Static Noyze has always felt like outcasts, never really feeling like they fit in with anyone but each other. Bored with what they call “stock hip hop” – routines and moves that they’ve seen before – this off-the-wall group of dancers promises to shake up the ‘ABDC’ stage with their distinct style of dance. They consider themselves to be innovators and describe their dance style as hip-hop with a contemporary twist. What makes them truly unique though, is that they use their routines to convey offbeat stories told through cutting edge moves and costumes. Static Noyze does not mind being called odd. In fact, they embrace it. These eccentricities are what make Static such a unique group and they hope America finds their unconventionality charming.


The Blended Projekt (West Covina, Calif.)
The Blended Projekt is a crew of young dancers (including three 16-year-olds) who combine traditional clogging with hip-hop dance in a technique they call “blending.” While clogging has appeared on ‘ABDC’ before, it has certainly never looked like this. Tired of what they considered the “nerdy” traditional clogging style, Blended Projekt rips the taps off their clogs and fuses them to their sneakers. Now when they perform, this crew of hip-hop lovers can keep its young and hip while maintaining its classic clogging technique.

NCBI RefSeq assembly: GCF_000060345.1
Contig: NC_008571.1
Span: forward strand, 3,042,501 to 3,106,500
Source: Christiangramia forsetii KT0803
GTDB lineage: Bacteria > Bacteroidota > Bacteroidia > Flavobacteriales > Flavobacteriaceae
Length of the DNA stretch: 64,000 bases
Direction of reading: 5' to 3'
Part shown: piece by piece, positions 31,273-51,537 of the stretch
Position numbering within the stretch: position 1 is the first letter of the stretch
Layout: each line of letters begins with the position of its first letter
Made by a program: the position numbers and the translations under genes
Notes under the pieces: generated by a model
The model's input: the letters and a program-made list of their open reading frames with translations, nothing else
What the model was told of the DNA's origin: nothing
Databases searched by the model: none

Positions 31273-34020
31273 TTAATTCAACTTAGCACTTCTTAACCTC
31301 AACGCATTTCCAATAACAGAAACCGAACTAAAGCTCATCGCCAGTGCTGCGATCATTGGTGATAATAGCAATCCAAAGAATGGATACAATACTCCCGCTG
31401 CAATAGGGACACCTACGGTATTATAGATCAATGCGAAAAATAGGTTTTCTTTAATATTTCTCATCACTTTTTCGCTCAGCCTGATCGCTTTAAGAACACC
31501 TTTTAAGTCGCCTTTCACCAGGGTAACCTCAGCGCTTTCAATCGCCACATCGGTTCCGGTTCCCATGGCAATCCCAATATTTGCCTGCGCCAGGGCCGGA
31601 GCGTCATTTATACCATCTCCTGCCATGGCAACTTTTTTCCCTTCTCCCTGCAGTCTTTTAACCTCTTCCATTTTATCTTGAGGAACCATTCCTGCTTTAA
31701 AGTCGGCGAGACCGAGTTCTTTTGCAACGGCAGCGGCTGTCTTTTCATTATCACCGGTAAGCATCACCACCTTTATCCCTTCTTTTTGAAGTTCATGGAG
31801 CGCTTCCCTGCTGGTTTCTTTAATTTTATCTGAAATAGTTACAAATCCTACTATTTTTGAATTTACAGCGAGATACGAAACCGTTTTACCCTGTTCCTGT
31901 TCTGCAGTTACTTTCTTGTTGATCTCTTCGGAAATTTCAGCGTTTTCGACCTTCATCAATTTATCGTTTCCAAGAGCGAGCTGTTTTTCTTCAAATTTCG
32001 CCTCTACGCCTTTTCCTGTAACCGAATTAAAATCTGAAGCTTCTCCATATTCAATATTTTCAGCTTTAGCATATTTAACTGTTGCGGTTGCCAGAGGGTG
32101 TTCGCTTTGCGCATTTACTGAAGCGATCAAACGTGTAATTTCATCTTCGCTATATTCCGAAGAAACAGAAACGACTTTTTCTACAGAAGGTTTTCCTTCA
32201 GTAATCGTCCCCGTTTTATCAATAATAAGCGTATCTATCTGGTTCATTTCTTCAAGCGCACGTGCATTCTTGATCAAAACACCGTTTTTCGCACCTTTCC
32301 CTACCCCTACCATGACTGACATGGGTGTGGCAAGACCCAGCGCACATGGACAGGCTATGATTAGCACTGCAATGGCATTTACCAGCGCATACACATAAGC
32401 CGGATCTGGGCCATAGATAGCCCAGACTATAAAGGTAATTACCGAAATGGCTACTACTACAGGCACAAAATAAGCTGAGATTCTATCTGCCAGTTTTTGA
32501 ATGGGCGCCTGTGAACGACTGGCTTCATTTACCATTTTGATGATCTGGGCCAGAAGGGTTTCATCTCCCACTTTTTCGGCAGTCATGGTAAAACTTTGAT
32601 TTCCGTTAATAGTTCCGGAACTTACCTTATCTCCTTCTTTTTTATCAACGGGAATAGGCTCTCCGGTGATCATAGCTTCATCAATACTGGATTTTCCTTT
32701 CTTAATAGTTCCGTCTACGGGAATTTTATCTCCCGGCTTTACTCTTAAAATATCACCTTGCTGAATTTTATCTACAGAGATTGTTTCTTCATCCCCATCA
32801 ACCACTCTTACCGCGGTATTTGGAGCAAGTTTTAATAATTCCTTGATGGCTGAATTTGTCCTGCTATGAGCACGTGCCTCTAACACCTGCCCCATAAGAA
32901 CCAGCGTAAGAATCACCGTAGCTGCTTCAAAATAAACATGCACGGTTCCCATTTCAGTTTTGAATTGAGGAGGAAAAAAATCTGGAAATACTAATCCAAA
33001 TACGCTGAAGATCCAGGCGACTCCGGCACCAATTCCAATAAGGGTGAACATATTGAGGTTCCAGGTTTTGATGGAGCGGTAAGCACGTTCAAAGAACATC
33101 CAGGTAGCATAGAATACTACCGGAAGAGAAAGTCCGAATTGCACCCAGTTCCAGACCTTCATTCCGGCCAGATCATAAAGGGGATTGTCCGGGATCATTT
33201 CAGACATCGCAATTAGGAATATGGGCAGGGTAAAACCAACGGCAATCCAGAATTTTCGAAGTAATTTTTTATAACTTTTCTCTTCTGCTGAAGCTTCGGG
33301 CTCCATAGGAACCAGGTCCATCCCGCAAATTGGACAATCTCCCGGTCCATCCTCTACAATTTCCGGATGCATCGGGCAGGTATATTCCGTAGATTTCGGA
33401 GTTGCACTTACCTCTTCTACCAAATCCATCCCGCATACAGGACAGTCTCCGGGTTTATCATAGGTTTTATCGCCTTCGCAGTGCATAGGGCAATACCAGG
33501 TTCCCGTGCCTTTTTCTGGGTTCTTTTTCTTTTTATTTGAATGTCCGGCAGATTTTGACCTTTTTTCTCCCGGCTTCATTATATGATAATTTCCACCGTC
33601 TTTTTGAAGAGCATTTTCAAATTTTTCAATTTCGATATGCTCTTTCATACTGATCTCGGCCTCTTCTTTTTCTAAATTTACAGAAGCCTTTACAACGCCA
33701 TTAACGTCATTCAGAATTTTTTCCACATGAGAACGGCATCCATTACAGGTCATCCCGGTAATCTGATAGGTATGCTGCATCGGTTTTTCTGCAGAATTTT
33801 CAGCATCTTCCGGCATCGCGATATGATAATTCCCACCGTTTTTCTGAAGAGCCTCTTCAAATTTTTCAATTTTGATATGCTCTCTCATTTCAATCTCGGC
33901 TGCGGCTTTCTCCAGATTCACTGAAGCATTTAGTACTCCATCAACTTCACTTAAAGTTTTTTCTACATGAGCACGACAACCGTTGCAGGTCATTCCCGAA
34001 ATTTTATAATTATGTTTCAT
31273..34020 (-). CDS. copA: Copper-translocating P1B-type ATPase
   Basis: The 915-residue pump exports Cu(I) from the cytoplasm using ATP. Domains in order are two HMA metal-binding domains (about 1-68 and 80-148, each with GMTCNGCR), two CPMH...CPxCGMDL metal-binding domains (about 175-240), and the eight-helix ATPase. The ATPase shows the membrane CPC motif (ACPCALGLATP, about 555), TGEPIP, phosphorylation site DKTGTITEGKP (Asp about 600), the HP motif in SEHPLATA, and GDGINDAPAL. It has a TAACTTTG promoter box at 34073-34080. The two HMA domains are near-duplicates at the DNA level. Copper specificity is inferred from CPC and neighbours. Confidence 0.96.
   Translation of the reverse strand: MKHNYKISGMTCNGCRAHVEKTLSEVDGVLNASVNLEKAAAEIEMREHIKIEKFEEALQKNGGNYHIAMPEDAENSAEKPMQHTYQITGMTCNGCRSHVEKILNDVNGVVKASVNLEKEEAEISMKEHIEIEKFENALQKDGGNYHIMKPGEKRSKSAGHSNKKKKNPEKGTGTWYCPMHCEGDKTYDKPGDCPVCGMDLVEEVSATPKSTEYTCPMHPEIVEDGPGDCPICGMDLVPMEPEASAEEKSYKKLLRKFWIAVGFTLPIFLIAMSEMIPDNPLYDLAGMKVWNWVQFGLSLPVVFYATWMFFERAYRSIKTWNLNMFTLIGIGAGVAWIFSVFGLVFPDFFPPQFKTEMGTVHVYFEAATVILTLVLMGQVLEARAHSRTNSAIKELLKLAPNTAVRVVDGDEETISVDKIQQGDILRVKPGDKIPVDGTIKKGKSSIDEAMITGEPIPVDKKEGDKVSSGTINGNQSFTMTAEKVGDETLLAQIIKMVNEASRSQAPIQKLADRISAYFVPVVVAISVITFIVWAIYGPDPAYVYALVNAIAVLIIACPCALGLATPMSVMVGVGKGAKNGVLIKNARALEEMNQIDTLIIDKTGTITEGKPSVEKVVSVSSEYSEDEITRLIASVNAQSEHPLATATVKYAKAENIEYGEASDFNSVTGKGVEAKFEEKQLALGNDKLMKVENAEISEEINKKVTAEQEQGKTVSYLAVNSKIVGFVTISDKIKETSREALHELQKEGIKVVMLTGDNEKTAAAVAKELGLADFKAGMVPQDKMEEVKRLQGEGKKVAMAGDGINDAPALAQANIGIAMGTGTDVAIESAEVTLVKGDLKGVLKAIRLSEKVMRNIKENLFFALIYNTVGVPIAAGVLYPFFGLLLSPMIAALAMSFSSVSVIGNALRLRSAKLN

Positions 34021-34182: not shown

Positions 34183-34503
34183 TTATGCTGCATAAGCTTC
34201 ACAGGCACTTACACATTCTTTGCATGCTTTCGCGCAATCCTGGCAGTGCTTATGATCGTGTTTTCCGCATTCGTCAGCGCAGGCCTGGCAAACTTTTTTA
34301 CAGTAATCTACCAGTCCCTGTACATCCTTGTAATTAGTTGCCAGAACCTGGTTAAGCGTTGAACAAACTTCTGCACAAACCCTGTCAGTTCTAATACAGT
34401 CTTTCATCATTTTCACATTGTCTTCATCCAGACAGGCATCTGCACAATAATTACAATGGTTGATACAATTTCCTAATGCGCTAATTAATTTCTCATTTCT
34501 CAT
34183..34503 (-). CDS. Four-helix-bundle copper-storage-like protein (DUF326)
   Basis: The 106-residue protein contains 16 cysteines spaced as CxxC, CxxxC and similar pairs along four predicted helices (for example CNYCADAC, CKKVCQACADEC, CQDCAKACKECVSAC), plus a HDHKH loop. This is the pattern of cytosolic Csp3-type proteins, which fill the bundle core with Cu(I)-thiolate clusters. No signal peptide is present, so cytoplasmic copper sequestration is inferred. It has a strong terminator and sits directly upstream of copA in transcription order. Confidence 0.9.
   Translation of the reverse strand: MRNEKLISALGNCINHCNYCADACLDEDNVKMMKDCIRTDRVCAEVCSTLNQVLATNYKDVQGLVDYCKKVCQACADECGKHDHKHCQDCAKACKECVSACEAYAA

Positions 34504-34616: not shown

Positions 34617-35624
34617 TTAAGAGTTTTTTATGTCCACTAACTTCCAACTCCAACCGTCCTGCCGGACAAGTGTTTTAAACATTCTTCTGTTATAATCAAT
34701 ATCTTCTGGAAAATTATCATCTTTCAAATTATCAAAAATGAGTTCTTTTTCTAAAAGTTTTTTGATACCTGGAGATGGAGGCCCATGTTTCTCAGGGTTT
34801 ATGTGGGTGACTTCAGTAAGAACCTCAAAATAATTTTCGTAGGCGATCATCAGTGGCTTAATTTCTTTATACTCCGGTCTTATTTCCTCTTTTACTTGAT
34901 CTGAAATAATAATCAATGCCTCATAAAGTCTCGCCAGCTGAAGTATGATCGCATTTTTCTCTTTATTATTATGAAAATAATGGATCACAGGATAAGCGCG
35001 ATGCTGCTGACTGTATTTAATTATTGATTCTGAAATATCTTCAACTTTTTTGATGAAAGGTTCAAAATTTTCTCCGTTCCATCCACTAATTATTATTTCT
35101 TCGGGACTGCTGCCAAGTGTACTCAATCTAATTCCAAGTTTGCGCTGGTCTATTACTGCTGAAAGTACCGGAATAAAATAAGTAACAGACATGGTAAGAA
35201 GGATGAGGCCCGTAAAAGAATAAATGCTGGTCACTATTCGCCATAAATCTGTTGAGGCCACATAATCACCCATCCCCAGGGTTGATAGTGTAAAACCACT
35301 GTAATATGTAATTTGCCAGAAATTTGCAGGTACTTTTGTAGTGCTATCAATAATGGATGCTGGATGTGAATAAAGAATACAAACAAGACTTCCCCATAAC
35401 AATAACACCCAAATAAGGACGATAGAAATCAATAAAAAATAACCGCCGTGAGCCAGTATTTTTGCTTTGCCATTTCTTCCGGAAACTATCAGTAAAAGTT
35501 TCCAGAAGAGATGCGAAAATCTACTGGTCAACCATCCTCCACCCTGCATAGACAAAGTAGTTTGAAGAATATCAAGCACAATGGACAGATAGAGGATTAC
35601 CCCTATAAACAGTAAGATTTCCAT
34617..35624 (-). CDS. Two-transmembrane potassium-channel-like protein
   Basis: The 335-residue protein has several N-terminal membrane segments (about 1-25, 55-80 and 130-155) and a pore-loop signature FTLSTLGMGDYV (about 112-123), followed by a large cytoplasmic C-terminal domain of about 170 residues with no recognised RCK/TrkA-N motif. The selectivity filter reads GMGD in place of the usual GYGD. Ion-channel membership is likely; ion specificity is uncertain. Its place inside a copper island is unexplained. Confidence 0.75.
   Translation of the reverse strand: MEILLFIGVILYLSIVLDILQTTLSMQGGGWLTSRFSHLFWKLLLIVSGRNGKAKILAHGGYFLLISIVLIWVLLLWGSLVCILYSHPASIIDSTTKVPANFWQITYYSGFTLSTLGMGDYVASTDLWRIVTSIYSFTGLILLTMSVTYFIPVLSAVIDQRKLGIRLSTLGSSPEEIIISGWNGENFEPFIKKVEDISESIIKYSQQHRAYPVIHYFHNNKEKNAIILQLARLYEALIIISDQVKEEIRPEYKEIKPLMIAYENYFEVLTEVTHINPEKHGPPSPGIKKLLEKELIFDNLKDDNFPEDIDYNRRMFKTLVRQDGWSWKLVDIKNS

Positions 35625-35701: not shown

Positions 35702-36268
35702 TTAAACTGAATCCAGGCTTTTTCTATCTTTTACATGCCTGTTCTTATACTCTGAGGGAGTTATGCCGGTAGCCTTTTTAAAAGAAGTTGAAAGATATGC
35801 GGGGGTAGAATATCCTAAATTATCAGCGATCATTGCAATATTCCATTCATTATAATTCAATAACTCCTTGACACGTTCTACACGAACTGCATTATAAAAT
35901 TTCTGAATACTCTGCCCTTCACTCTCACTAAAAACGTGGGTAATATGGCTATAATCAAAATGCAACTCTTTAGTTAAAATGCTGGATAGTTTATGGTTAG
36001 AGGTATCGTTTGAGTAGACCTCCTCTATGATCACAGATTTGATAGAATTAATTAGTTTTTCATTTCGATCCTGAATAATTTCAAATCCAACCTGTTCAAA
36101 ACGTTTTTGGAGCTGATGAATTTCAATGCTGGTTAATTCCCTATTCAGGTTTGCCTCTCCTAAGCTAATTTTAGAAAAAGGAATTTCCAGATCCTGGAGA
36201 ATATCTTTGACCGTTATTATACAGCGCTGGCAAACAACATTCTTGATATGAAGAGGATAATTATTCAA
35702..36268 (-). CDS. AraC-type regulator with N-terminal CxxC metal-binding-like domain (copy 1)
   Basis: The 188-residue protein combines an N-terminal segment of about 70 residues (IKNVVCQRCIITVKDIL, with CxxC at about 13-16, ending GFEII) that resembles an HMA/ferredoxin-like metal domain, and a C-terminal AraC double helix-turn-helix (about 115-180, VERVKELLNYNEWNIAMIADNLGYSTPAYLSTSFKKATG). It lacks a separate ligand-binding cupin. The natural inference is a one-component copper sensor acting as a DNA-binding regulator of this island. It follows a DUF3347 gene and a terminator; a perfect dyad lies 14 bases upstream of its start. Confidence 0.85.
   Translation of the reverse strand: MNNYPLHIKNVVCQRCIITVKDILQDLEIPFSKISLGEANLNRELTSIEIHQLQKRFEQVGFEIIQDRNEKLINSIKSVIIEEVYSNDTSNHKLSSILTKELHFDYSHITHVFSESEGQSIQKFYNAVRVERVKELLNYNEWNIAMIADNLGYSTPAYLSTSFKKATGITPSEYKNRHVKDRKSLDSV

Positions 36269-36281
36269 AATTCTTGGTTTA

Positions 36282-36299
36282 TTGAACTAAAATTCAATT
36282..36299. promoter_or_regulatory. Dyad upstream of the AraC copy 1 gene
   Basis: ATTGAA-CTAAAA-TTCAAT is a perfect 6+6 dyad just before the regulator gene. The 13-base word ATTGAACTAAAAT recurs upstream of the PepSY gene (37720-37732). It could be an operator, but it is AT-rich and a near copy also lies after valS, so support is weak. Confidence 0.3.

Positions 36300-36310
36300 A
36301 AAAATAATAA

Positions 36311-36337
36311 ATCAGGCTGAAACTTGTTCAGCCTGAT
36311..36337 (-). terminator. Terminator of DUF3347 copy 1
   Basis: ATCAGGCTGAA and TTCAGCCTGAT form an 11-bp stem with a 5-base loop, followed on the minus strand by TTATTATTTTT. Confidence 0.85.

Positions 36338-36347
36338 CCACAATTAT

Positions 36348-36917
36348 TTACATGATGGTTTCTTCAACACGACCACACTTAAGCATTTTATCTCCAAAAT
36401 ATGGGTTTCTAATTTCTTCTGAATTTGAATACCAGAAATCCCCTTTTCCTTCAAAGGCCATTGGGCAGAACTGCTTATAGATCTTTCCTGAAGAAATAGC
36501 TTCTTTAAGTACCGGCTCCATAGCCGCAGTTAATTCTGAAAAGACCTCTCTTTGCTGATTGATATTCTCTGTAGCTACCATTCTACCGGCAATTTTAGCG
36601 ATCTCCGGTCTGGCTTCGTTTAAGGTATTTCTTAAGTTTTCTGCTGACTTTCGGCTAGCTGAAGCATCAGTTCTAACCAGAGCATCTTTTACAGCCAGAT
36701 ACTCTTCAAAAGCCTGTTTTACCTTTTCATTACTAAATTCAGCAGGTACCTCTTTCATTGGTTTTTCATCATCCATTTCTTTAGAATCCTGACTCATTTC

BreakEFX (Denver, Colo.)
This co-ed breaking crew hopes to break the mold of the B-boy stereotype and prove once and for all that breakers can do choreography too. They consider themselves the first B-boy-choreography crew as all the members have trained in all types of dance including hip-hop, jazz and ballet. BreakEFX is poised and ready to reclaim the ‘ABDC’ title for breakers everywhere.